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|1995 ||Hall, Wayne (1995) The public health significance of cannabis use in Australia. Australian Journal of Public Health, 19 3: 235-242.|
A fair appraisal of the public health significance of cannabis use has been hampered by the polarised opinions about its health effects expressed by partisans on both sides of the debate on its legal status. The findings of a recent review of the literature on the adverse health and psychological effects of cannabis are used to estimate the major probable public health risks of cannabis use in Australia. These appear to be, in order of approximate public health importance: adverse psychological effects; motor vehicle accidents; cannabis dependence; respiratory disease; precipitation and exacerbation of schizophrenia in vulnerable individuals; low-birthweight babies; and perhaps subtle cognitive impairment On current patterns of use, cannabis use is a modest public health concern by comparison with alcohol and tobacco, although given the scale of public health damage caused by the latter drugs, and the currently low prevalence of regular cannabis use, this is not cause for complacency.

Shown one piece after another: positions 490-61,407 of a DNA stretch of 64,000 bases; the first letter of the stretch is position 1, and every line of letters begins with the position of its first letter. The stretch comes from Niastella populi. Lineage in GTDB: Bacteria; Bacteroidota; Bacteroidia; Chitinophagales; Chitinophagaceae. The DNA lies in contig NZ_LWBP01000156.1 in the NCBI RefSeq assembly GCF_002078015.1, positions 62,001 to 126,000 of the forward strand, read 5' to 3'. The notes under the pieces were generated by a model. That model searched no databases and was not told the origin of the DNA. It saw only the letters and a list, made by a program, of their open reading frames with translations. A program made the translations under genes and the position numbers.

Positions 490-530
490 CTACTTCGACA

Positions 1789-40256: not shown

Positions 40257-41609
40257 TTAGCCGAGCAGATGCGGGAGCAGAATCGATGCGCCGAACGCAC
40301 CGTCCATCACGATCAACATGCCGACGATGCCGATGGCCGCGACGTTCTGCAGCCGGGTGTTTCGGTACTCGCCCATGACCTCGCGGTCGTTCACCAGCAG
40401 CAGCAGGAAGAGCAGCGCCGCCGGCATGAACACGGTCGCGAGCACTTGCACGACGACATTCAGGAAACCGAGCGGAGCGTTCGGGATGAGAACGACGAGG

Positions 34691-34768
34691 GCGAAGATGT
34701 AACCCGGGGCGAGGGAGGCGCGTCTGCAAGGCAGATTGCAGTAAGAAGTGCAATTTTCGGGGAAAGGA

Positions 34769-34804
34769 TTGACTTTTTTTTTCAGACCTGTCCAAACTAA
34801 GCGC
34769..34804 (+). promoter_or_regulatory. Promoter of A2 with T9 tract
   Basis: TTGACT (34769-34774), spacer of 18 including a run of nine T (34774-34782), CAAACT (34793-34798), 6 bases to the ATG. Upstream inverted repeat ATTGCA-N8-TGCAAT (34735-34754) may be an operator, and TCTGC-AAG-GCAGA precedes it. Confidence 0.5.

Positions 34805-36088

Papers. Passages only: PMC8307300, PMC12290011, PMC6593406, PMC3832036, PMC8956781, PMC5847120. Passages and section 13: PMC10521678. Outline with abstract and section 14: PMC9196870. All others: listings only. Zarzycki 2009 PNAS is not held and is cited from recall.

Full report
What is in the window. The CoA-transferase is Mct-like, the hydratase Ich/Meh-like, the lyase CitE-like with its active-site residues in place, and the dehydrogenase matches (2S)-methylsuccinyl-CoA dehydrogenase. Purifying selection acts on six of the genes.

| Professor Wayne Hall|
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|Keywords: ||Young adulthood, marijuana use, fetal growth, drug-use, maternal marijuana, schizophrenia, pregnancy, symptoms, alcohol, consequences|